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Rhodan - Excuse me - but I have already been thanked for my contribution to this thread.<br /><br />You believe that our universe is not being stretched out like a fine gauze?<br /><br />Or did you fail to note what the verse says?<br /><br />To repeat, for emphasis, the point I was posting on:<br /><br />(Isaiah 40:22) . . .the One who is stretching out the heavens just as a fine gauze. . .<br /><br />Further research into the Hebrew confirms that my comparing this to the stretching out of the threads and filaments of our observable universe is valid.<br /><br />Would you like me to post proof of this?<br /><br />Meanwhile, the fact that the universe is being stretched out or expanding is relevant to thread theme. It means that the size of the universe is increasing - and that is thread theme.<br /><br />Why do you falsely accuse me of disrupting this thread - and wherein have I ever disrupted any other thread on this forum???? <br /><br />Just curious - what agenda do you think I have?<br /><br />Before answering, you might want to review my profile.
 
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rhodan

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<i>You believe that our universe is not being stretched out like a fine gauze?</i><br /><br />I think the author used a metaphore - he mentions a tent later on, not an uncommon habitat for the nomadic peoples of his days - to write about the relation between his god and the people of Earth. Tents can be made of gauze. The Universe is not. <br /><br />Other translations use different words. The New International Version speaks of a canopy instead of a gauze. Your using an ancient religious text --which has been translated and transformed over and over again- to answer a scientific question. This you do all the time. Because you are desperately trying to reconcile the Bible with current scientific findings. However, this is not a message board dedicated to religion. This is a message board dedicated to (space) science. There is no scientific merit in Bible verses. None. Neither is there in the Torah or the Quran or in any other book of religion. That is because they are books of religion, not books of science. T<br /><br />There is only you and your agenda to spread your personal religious beliefs whenever you can. Imagine this board filled with a 100 members like yourself; there would be no room for debating science anymore. We'd be wading through thread up on thread of religious quotes. So, yes, I find your promotion of your own agenda disturbing. Religion can be discussed in both the Free Space and the Phenomena forum. It has no place here.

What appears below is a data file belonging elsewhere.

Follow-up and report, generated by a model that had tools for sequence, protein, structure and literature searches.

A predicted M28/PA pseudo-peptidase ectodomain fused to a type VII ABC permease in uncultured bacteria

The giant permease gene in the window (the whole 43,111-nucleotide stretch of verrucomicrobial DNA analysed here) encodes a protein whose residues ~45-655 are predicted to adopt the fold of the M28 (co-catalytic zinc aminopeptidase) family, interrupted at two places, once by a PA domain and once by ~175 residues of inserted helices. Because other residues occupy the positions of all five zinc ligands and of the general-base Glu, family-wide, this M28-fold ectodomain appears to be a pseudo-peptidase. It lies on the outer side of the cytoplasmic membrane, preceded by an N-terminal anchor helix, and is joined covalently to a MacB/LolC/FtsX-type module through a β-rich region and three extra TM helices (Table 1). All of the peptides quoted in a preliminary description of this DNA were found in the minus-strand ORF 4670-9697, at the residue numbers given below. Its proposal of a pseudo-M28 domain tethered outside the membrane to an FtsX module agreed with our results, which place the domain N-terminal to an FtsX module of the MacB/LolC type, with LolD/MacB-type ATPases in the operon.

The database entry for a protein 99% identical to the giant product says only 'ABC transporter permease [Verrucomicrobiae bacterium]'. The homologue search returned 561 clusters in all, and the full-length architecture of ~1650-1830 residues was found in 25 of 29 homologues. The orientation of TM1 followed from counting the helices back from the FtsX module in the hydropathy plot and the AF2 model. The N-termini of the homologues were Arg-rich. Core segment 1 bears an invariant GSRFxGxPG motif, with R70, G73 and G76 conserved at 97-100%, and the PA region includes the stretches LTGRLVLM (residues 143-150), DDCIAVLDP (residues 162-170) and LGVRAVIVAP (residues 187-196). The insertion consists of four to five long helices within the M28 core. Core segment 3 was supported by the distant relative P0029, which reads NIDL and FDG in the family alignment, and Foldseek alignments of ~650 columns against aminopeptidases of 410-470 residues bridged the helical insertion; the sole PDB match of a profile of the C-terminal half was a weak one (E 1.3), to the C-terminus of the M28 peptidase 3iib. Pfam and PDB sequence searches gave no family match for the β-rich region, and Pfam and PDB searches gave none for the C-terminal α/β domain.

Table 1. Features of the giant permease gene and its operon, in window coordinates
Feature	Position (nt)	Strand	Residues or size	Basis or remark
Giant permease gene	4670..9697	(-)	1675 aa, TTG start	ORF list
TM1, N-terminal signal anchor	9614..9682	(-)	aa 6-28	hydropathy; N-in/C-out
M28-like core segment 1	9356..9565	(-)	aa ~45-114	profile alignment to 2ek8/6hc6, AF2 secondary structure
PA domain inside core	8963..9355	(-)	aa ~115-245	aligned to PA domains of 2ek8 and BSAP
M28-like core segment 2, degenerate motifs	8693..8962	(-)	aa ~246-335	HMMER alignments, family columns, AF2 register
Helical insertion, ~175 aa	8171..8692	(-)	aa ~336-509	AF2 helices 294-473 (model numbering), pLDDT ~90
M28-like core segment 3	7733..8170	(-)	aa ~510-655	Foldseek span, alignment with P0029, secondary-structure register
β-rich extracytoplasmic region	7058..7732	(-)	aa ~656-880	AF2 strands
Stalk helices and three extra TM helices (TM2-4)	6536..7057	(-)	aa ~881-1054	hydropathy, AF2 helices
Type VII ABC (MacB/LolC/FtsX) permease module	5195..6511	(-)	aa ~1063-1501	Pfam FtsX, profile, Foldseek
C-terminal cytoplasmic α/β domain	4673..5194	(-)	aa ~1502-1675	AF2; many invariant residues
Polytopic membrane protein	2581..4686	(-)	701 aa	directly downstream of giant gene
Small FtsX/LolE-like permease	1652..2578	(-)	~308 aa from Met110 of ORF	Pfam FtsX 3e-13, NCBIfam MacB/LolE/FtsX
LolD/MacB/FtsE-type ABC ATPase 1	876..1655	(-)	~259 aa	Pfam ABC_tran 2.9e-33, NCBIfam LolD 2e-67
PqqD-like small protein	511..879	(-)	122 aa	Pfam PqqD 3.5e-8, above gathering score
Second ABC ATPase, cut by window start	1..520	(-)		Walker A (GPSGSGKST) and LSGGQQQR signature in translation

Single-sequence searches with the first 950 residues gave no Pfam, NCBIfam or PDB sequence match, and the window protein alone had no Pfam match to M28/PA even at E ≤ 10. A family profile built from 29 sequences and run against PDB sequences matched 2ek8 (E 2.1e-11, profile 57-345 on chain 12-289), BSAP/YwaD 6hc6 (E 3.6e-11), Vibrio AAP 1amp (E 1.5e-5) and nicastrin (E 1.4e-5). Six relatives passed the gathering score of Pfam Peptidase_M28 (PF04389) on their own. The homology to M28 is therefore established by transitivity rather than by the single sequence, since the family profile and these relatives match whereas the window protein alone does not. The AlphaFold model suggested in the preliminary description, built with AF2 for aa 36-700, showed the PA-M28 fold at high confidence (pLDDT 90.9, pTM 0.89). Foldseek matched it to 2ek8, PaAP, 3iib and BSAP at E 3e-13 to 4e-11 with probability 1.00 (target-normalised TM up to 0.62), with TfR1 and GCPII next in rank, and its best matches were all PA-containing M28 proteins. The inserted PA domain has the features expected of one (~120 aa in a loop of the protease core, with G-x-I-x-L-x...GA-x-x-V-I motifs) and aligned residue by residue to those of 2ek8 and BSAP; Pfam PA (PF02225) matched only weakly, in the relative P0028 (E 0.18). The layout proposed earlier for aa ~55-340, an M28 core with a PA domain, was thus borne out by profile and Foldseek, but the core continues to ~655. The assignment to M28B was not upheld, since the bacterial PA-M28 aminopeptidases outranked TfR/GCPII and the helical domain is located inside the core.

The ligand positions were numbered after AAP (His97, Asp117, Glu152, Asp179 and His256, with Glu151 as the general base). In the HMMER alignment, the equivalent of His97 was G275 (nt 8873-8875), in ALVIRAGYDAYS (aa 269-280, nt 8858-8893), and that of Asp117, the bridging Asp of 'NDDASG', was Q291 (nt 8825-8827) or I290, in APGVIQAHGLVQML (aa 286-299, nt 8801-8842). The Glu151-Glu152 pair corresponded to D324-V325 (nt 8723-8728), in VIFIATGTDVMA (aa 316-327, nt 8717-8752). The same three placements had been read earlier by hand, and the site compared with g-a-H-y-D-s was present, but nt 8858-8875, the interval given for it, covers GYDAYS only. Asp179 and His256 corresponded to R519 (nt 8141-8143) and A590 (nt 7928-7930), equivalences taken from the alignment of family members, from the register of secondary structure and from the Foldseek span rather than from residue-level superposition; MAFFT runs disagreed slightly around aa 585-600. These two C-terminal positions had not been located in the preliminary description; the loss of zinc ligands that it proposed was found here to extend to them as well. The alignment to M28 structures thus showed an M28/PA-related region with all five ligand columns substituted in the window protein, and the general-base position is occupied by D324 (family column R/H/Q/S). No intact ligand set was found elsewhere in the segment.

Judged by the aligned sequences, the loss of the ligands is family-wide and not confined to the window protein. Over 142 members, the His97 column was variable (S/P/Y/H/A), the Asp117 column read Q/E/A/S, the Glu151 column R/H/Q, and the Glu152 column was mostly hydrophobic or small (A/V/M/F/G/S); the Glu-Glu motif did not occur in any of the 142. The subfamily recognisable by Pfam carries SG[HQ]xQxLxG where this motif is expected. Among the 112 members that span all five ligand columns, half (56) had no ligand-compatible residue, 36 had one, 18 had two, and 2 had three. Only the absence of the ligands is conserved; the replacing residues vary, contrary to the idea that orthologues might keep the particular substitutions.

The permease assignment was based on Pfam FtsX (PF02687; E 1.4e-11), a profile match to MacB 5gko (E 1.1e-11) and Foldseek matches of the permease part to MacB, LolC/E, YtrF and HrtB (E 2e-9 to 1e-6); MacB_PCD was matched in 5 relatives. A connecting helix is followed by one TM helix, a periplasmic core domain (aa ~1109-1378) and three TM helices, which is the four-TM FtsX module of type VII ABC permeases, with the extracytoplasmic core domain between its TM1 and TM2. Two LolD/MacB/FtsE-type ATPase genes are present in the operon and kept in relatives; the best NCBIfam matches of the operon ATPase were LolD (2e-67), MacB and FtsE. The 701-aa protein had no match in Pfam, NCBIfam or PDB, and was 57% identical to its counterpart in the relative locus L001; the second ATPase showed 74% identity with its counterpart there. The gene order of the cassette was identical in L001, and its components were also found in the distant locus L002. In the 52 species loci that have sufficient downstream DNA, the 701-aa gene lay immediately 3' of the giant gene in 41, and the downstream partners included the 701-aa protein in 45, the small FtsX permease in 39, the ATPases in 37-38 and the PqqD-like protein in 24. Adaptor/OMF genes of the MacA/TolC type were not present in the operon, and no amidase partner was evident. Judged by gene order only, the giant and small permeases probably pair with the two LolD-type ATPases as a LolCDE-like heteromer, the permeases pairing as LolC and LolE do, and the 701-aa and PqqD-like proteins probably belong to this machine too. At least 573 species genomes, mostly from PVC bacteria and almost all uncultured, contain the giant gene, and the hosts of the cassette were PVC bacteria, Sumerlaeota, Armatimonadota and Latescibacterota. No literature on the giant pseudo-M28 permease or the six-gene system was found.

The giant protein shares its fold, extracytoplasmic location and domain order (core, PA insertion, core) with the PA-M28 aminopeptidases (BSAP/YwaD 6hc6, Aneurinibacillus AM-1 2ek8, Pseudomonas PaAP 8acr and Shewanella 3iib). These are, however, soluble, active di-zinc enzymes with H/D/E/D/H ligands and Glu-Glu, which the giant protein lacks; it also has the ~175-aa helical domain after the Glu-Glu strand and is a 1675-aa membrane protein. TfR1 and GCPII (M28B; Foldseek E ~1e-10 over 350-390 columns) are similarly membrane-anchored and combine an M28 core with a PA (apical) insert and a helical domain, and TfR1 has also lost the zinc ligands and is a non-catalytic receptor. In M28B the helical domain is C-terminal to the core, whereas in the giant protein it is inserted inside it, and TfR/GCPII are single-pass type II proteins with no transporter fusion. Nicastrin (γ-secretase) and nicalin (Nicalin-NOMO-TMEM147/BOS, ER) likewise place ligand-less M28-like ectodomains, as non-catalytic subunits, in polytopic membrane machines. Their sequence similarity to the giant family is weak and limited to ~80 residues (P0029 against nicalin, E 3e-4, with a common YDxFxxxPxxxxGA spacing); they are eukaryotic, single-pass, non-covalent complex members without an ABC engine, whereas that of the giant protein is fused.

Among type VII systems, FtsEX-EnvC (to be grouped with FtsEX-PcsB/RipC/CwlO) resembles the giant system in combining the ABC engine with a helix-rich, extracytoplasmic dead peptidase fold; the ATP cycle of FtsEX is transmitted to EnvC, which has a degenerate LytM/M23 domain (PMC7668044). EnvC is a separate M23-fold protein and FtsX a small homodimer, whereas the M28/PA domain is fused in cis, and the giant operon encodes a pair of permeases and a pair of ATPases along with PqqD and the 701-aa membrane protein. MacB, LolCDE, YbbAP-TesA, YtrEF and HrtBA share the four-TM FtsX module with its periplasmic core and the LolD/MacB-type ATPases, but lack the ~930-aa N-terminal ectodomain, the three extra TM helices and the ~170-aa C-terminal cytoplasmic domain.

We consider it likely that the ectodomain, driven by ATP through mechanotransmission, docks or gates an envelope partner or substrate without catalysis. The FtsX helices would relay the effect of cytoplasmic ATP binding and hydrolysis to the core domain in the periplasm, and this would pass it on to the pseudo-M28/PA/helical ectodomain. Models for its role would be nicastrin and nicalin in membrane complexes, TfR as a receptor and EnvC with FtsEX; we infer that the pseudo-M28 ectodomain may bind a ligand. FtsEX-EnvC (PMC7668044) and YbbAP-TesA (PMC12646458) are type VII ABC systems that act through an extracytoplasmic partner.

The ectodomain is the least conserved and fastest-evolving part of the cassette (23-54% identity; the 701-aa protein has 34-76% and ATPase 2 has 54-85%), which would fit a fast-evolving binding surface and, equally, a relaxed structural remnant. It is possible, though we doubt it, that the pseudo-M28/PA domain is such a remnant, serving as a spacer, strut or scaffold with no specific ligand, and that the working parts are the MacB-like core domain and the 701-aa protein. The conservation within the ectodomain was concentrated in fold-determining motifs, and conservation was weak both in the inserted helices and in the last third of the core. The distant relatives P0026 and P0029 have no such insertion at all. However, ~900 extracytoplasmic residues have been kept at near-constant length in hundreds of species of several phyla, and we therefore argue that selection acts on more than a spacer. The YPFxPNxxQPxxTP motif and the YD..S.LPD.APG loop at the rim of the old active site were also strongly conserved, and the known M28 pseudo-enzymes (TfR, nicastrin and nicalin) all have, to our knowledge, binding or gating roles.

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newtonian

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Rhodan - I see bias rearing its ugly head.<br /><br />I totally disagree with you.<br /><br />And I am prepared to prove it if you are willing to actually examine the evidence.<br /><br />To help you I will resurect some older threads where to detail Biblical astronomy is on thread theme.<br /><br />If you examine the post you are upset about you will note it has considerable content, not just Biblical astronomy. <br /><br />Note, for example, my mention of String theory and collision of branes theory.<br /><br />I note you are not so upset at my injecting unproved scientific theories - but that you are upset at my injecting proved Scripture.<br /><br />You should reflect on your reaction and try to be more objective.<br /><br />And also avoid bias totally.<br /><br />This is, of course, up to you - I am just making a suggestion.<br /><br />Remember, Isaac Newton wrote more on Scripture than on Science (hence my user name). And Galileo appealed to Scriptural indications against a geocentric universe when he dared to challenge the church's adoption of Aristotle's model of the universe.<br /><br />BTW - I thought you were a more friendly poster. Are you having a bad day? If so, I hope things go better for you.